Hampshire: a county that gave birth to a great game
Cricket’s origin is dated back to a rural village in Hampshire according to material found from 1700s. Hambledon Club for the first time in the history organized cricket as a team sport. It’s part of Hampshire County.

Hampshire County Cricket Club was founded in 1863 and although they took part in the County Championship in early days, it lost its status soon after that due to poor performance. However, in 1895, Hampshire fought their way back into the fold and has taken part in every County Championship since then.

They have won the County Championship twice – 1961 and 1973. Since England and Wales Cricket Board introduced Division Two of First-Class cricket, Hampshire have been relegated a couple of times. Although they have fought their way back to the first division, they’ve not been able to sustain it for a long period. Hampshire currently compete in Division 1, a feather in their cap when you consider bigger clubs like Yorkshire and Middlesex are in Division 2.

Hampshire have shifted their home ground on several occasions. Antelope Ground in Southampton was their first home but in 1895 they moved to Northlands Road and the venue remained their home ground for over 100 years. In the year 2000, Hampshire moved to its current location, Rose Bowl. Although in a remote area of Hampshire and tough to reach on public transport, the venue is an architectural marvel and can host up to 20,000 fans with temporary seating for international games.

The ground went on to host England’s first ever T-20 International – against Australia in 2005. In 2011, Rose Bowl went on to become England’s tenth Test cricket venue.

Hampshire struggled to meet the financial demands and were facing bankruptcy after all the redevelopment work. It was a local businessman and cricket enthusiast called Rob Bransgrove who bailed them out.

Rose Bowl set up a hotel  to meet financial demands and the move proved to be a wise one. The hotel with 171 rooms, with some of them facing the field of play, is popular among fans. During Covid pandemic it came in handy with multiple Test matches being played here behind closed doors.

The availability of a hotel was the same reason why the ICC decided to play the inaugural World Test Championship final here in the year 2021.

For the 2019 World Cup, when teams picked their pre-tournament training facility, many opted for Rose Bowl. Hampshire’s state of the art training facility was one reason but other centers in England too have these facilities.

One other reason is that Southampton is away from the main centers so the distractions for the team are far less. On the other hand, London is just a 90-minute train ride and can be easily accessed.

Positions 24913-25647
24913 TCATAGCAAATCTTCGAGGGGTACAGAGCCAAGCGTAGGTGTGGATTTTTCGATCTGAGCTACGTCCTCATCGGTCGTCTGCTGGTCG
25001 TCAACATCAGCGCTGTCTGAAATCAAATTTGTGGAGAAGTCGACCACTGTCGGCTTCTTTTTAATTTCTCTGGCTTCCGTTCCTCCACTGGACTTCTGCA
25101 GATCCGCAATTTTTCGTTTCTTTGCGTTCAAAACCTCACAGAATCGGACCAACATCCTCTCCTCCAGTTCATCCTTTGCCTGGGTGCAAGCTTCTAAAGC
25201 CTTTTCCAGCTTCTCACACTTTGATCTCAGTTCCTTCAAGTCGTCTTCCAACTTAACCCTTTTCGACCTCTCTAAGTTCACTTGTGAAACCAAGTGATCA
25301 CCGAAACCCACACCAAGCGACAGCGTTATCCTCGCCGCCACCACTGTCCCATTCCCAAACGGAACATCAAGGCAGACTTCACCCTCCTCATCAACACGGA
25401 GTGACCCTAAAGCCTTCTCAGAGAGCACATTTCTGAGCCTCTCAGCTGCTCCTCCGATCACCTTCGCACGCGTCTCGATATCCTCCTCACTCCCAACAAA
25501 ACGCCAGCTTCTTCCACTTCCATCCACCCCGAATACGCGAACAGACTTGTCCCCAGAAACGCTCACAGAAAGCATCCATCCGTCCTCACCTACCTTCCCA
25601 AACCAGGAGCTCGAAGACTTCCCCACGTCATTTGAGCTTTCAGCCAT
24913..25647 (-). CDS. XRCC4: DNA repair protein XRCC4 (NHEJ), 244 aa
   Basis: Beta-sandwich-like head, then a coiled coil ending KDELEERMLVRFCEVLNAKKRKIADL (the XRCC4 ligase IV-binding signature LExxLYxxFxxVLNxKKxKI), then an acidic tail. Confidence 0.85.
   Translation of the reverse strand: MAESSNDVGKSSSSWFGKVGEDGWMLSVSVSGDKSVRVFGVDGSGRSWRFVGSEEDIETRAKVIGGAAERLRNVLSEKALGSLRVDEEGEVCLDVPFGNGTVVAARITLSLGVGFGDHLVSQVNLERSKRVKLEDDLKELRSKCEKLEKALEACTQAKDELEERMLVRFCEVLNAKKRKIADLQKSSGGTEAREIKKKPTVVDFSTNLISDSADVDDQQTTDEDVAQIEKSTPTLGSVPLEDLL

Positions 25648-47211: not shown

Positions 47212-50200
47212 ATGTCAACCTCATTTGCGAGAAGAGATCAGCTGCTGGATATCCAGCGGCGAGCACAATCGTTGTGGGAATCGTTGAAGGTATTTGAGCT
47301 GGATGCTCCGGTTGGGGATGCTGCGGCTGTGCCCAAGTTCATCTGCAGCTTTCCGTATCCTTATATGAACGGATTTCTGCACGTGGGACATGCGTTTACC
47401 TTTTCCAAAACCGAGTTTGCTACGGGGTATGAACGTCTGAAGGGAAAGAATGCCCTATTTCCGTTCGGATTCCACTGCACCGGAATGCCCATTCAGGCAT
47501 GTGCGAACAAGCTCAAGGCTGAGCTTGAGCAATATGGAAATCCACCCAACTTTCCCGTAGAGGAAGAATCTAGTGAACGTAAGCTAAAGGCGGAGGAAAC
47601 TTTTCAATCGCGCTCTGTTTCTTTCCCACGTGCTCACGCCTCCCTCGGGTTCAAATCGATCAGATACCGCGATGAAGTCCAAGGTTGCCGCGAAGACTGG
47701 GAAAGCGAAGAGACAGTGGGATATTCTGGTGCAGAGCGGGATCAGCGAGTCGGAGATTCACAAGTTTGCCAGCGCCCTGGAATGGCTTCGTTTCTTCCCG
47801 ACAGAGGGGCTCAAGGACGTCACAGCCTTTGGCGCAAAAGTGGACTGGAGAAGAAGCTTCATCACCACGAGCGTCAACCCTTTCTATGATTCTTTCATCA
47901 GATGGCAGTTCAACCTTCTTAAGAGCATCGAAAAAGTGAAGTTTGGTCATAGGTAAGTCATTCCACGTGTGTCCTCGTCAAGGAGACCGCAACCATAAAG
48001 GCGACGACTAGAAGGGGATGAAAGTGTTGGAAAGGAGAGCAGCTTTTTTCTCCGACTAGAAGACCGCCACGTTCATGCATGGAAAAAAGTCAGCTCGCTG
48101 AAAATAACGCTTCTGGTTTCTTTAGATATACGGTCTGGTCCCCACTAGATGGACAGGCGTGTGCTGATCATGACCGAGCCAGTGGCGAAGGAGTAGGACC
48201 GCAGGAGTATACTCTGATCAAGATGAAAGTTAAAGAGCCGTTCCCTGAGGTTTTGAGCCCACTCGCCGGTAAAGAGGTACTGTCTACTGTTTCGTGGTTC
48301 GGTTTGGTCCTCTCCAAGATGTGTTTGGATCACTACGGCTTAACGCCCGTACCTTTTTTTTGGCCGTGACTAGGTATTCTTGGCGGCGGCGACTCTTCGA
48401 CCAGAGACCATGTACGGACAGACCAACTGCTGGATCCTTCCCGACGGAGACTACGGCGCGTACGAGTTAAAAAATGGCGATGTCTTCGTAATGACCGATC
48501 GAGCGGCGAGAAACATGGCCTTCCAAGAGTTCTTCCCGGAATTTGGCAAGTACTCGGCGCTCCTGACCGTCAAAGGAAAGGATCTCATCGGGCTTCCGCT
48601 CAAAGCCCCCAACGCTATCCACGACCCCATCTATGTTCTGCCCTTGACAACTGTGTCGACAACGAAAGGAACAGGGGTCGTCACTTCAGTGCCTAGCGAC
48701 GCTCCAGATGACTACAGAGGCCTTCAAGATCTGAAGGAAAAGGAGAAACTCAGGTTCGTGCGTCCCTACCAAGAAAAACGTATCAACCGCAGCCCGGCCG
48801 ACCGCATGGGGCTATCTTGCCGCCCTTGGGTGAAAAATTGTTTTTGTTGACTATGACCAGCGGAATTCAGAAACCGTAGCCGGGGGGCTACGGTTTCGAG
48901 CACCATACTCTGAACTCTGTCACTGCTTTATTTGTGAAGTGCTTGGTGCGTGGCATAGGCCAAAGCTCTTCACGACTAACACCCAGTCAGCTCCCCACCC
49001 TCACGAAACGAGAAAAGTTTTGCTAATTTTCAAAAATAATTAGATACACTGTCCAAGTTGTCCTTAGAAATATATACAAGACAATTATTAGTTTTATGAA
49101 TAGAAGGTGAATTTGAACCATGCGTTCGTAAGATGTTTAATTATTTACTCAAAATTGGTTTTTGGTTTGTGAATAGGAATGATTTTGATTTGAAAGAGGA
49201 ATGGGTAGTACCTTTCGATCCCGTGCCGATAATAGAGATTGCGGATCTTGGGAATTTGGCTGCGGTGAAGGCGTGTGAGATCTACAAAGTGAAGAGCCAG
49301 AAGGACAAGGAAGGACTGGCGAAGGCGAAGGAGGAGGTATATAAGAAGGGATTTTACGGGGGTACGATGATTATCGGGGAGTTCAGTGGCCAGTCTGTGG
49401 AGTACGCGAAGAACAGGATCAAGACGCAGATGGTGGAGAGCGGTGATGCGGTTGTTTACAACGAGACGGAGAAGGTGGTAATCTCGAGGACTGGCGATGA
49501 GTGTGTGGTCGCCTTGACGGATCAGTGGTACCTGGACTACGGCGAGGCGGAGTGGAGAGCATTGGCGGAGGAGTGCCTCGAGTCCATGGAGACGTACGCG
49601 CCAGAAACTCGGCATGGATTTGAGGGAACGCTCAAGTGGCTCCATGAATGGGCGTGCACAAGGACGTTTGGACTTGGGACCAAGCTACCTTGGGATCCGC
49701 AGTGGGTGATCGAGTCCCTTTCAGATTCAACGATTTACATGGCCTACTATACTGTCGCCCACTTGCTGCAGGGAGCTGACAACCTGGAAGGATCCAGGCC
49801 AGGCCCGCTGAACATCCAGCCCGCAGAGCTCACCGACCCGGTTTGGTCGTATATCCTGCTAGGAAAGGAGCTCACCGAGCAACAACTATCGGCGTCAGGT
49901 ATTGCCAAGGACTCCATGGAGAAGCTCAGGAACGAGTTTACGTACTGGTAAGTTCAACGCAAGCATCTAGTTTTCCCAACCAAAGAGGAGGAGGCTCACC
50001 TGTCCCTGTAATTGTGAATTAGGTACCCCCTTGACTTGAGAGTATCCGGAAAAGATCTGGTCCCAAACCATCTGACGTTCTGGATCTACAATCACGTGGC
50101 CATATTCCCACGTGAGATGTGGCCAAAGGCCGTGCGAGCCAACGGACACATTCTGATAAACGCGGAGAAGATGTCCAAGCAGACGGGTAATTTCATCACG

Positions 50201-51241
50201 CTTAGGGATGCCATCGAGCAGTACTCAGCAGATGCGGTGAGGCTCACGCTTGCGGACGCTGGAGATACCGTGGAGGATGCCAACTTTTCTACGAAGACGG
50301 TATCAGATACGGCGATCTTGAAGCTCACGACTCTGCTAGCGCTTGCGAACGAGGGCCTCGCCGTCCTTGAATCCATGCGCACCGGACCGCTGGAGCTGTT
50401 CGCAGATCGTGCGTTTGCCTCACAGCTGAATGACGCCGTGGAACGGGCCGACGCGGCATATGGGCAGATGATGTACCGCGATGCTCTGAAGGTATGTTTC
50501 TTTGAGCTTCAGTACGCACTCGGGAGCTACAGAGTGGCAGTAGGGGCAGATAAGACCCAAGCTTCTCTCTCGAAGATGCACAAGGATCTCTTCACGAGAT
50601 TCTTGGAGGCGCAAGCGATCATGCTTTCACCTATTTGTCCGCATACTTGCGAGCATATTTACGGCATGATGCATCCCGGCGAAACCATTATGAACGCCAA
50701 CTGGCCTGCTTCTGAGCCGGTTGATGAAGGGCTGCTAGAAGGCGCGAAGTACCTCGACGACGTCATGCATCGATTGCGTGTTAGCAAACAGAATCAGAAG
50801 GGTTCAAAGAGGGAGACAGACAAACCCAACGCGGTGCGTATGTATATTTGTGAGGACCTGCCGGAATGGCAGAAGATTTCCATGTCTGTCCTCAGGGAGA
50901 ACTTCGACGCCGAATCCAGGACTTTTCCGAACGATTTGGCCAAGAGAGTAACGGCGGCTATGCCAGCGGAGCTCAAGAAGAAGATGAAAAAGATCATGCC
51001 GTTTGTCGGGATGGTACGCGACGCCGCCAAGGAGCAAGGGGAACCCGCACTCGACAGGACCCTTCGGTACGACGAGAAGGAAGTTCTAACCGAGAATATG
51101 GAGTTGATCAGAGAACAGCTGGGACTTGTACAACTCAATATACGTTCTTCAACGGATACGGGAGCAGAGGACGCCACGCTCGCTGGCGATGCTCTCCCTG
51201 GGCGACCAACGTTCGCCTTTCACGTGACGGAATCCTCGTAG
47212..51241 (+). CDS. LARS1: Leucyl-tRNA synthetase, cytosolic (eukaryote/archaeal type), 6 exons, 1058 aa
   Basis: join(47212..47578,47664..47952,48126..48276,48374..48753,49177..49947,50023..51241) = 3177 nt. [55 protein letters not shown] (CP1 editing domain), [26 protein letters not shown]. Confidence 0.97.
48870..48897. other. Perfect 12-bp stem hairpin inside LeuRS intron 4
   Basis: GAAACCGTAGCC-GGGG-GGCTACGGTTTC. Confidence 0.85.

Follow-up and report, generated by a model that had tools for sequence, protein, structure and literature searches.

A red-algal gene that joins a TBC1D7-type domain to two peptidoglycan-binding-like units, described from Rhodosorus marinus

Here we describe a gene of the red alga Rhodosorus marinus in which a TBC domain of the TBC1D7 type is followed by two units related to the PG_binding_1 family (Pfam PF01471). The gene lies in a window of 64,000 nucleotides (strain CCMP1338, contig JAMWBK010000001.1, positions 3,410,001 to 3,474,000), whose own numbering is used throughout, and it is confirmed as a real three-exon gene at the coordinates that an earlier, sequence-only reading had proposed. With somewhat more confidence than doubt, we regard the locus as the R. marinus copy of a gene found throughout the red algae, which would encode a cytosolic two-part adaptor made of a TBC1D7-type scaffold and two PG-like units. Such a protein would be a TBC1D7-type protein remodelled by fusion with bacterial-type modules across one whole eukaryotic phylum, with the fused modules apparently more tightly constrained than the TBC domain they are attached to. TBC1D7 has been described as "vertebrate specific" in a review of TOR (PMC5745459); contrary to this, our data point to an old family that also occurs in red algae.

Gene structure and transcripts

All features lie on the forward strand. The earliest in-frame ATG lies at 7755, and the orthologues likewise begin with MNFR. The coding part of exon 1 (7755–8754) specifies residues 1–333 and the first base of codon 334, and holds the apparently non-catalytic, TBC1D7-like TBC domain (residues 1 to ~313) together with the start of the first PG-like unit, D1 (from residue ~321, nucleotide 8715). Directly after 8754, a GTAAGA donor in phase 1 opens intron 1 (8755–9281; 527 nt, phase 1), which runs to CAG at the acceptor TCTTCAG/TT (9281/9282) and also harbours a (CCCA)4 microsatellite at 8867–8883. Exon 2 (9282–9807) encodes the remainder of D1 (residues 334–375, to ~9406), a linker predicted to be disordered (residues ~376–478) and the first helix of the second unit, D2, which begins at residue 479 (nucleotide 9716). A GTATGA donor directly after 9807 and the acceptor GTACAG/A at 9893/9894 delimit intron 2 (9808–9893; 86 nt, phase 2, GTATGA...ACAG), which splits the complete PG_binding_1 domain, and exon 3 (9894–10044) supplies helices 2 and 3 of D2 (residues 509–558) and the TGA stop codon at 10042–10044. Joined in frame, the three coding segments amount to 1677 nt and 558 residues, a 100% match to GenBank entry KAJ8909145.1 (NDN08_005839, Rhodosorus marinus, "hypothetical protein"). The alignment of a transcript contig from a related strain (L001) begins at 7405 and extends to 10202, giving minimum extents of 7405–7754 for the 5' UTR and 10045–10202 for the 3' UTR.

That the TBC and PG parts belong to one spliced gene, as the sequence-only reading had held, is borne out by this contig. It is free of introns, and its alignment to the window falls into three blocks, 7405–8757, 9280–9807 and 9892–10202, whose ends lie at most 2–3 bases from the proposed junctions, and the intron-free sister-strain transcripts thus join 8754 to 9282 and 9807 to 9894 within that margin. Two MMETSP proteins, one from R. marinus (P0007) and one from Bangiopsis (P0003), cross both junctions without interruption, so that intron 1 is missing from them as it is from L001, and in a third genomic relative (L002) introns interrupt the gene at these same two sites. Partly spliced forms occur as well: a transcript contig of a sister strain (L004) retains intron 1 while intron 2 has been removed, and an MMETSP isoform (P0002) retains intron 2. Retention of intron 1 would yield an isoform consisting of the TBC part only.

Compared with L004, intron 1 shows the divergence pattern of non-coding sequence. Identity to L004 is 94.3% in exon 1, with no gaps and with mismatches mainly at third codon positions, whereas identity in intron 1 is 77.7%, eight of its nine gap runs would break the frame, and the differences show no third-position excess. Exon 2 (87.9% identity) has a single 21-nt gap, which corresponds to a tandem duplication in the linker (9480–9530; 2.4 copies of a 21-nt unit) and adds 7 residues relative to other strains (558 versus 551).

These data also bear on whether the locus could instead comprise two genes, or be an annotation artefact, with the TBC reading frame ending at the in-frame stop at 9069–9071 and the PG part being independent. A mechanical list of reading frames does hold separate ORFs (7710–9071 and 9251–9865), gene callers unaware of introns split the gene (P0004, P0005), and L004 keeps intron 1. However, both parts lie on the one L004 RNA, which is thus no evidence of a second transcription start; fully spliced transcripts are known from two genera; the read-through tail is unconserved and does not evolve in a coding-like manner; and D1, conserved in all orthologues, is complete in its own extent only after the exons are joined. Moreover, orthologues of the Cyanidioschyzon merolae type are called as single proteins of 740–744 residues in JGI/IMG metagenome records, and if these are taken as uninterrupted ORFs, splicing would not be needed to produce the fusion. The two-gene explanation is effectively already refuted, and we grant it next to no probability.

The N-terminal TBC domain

Hampshire is renowned for many overseas stalwarts in their ranks. If there was a contest to choose Hampshire’s best overseas player, we would struggle.
The County once had Gordon Greenidge and Barry Richards opening batting for them. Just how cool was to have those two names in the batting sheet.

With South Africa exiled from international cricket due to apartheid, Richards showcased his skills in County Cricket representing Hampshire for 11 seasons. His 204 First Class games for the County produced over 15,000 runs with 38 hundreds and an average of over 50.

Greenidge went on to play 108 Test matches, but by the time he made his Test debut in 1974, he was known too well in County Circuit as he had represented Hampshire for over 100 First Class games by then. His time with Hampshire lasted from 1970 to 1987 during which time he produced over 19,000 First Class runs not to mention his exploits in limited overs cricket.

If you walk in the streets of Southampton and ask who the best fast bowler was to represent Hampshire, the obvious answer would be Malcolm Marshall. Another great from Barbados like Greenidge, Marshall between 1979 and 1993, played for Hampshire for 11 seasons and took 826 wickets in First Class cricket.

When Hampshire were getting into trouble both on and off the field, it was to Australian great Shane Warne they looked up to pull them out of trouble. Warne was not just an overseas player, but he captained Hampshire successfully and groomed several young players including a bloke named Kevin Pietersen.
It was for his heroics with Hampshire that people called Warne the best captain Australia never had.

 Roy Marshall played only four Test matches for West Indies, but with Hampshire he was quite a sensation. He represented the County for 19 seasons from 1953 to 1972 and plundered over 30,000 runs in 504 First Class games. His aggregate is the second most in Hampshire’s history.

South African born Robin Smith represented Hampshire as a local and he is one of the finest players of fast bowling. At a time when West Indies quicks had the wood over the England batters, Smith is someone to hold his own with some back to the wall knocks. He played for Hampshire for 21 years from 1982 to 2003 and in 307 First Class games produced 18,984 runs.

The greatest Hampshire player is considered to be Phil Mead. He represented the County from 1905 to 1936 playing some 700 First Class games and scored a jaw-dropping 48,892 runs averaging 48.84. That included 153 First Class centuries.

The fact that most of Hampshire’s cricketing stars are overseas players is one criticism on the County’s development programs that’s in place. But on the other hand, it has to be mentioned that many players come through the ranks from Hampshire but move away to other Counties in search of greener pastures.